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1998 St. Peter tornado stirs up memories for some, is a history lesson to others

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1998 St. Peter tornado stirs up memories for some, is a history lesson to others

ST. PETER — A generation of children has grown and become adults only knowing the new St. Peter — the St. Peter after the 1998 tornado.

They don’t know of the stained-glass windows of the Church of St. Peter beside Gorman Park or how Minnesota Square Park was shaded by big, old trees in the summer.

The Arts and Heritage Building, the courthouse and countless homes were damaged or leveled and then rebuilt. 

“There is definitely a clean line before and after for me,” said Lindsey Beyer, who was 14 when 17 tornadoes wrought destruction in southern Minnesota on March 29, 1998.

Beyer remembers sitting in the basement of her home with her brothers listening to the crashing and blowing of the tornado, she said at a The Moth radio show-inspired event called “Tell Me a Story: The 20th Anniversary of the 1998 Tornado” on Thursday in St. Peter. Her brother said it would sound like a freight train, she said, but it didn’t.

Weeks later, as the city was getting back on its feet, Beyer was driving to St. Peter from a dance class in Mankato with her mom. From Highway 22, where there was once just a view of trees on the hilltop, you could see the campus of Gustavus Adolphus College.

“My mom said, ‘You know, they say it's going to be 10 years before this community rebuilds everything the way that it was, and 20 before the trees are back,’” Beyer said. “Well it’s 20 years later, I remember thinking I would be so old. But it’s 20 years later, and it still looks different to me.”

Gustavus tornado anniversary

Gustavus Adolphus College as seen from College Avenue in 2018. After the tornado hit, most of the trees on campus were wiped out. Photo by Pat Christman

March 29, 1998 

Michele Rusinko, a Gustavus professor of theater and dance, remembers calling around to set up play dates for her then 18-month-old son to take advantage of the nice weather.

That Sunday started out warm and sunny, but by mid-afternoon storms rolled in and tornado warnings were issued.

At 4 p.m. though, the storm devastated the town of Comfrey in the corner of Brown County and tore through dozens of farms. Then it hit Hanska, Cambria, Judson and Courtland. The storm rolled into St. Peter at about 5 p.m., first hitting Gustavus, then the business district before it finally slowed as it got into Le Center at about 6 p.m.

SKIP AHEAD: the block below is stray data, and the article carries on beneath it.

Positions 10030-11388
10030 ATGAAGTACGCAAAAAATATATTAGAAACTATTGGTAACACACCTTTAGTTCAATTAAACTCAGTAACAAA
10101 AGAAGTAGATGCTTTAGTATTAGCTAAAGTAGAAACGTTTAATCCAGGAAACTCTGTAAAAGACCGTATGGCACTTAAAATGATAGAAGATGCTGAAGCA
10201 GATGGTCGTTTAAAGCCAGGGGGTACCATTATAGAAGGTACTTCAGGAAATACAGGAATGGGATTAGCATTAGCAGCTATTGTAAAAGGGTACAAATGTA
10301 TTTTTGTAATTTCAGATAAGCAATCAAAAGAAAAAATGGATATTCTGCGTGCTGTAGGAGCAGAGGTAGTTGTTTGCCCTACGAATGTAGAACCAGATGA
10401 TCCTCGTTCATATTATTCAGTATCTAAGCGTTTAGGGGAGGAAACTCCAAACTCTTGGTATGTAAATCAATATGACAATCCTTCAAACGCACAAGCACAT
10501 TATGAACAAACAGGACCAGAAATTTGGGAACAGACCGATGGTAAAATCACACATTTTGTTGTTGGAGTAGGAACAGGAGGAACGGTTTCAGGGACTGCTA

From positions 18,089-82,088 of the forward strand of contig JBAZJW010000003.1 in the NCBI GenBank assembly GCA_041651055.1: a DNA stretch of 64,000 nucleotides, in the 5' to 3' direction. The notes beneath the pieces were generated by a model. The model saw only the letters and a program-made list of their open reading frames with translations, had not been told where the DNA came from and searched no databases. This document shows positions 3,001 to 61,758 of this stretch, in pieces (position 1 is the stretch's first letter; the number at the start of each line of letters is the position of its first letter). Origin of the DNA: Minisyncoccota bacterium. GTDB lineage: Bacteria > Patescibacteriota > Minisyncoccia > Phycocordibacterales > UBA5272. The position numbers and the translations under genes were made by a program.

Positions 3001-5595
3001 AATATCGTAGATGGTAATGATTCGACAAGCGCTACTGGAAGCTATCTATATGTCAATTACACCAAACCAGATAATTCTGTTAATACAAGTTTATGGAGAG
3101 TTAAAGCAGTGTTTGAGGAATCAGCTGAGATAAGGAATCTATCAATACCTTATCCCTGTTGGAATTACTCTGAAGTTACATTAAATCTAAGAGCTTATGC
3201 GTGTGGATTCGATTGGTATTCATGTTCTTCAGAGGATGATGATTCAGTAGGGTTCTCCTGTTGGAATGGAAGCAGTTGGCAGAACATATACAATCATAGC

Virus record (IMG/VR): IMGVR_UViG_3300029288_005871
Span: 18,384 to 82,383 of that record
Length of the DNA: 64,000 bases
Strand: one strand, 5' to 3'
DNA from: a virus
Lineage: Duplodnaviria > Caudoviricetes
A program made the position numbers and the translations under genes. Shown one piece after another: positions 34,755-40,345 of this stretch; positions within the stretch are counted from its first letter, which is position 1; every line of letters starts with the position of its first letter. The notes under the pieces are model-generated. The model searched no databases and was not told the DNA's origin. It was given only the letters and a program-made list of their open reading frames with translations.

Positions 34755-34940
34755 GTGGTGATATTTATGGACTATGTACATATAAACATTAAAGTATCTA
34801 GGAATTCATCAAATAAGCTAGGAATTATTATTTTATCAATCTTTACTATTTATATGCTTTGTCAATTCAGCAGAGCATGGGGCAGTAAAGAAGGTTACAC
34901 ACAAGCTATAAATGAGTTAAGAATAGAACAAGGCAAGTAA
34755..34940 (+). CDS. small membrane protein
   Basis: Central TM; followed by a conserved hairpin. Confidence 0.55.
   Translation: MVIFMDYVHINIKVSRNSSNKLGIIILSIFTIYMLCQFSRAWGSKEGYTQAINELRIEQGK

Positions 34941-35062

It was a storm with a strength uncommon for March. There were high temperatures, humidity and strong upper winds creating the perfect mix for a severe thunderstorm said Mark Seeley, a University of Minnesota climatologist and meteorologist.  

Rusinko remembers clutching her son and singing to him as the storm raged around their home. It was loud and terrifying. Afterward, she had to go outside to survey the damage — her windows were blocked by fallen trees. There are countless stories like Rusinko’s.

More than 3,000 buildings were damaged or destroyed by the tornadoes. Every single building on Gustavus’ campus was damaged, and more than 80 percent of the windows were broken, but few students were on campus because it was spring break. 

Tornado 2

Workers remove broken glass in one of the Gustavus Adolphus residence halls following the tornado. Students were on spring break when the storm struck. It is speculated that injuries from the storm would have been much higher if classes had been in session. File photo

Six-year-old Dustin Schneider was killed when his family’s van was swept from the road near St. Peter, and 85-year-old Louis Mosenden died from injuries he sustained when the storm hit his farmhouse in Hanska. There were more than 30 people injured by the storm.

"I never say to anyone, ‘I know how you feel,’ because the experience of the tornado was so different for so many people,” said Melinda Kjarum. “For some people, it was the best thing that ever happened; they got a brand new house. For other people, it was absolutely horrible. I just never say that to anyone.”

At the storytelling event, Kjarum said she remembers looking out the window of her kitchen at the storm as it headed toward her.

“I turned and I looked and it was the tornado coming,” she said. “And it was black but it was not black and it was evil. This unbelievable roiling, it was horrible, there could not be a God.”

Tornado 3

Family members search for the family cat shortly after a tornado destroyed their North Fourth Street home in St. Peter, March 29, 1998. File photo 

Memories that stick 

Residents of St. Peter recall specific moments from the storm and the weeks afterward. Flashes of images, conversations and the little absurdities that come when life is turned upside down by a natural disaster make them laugh or cry in turn.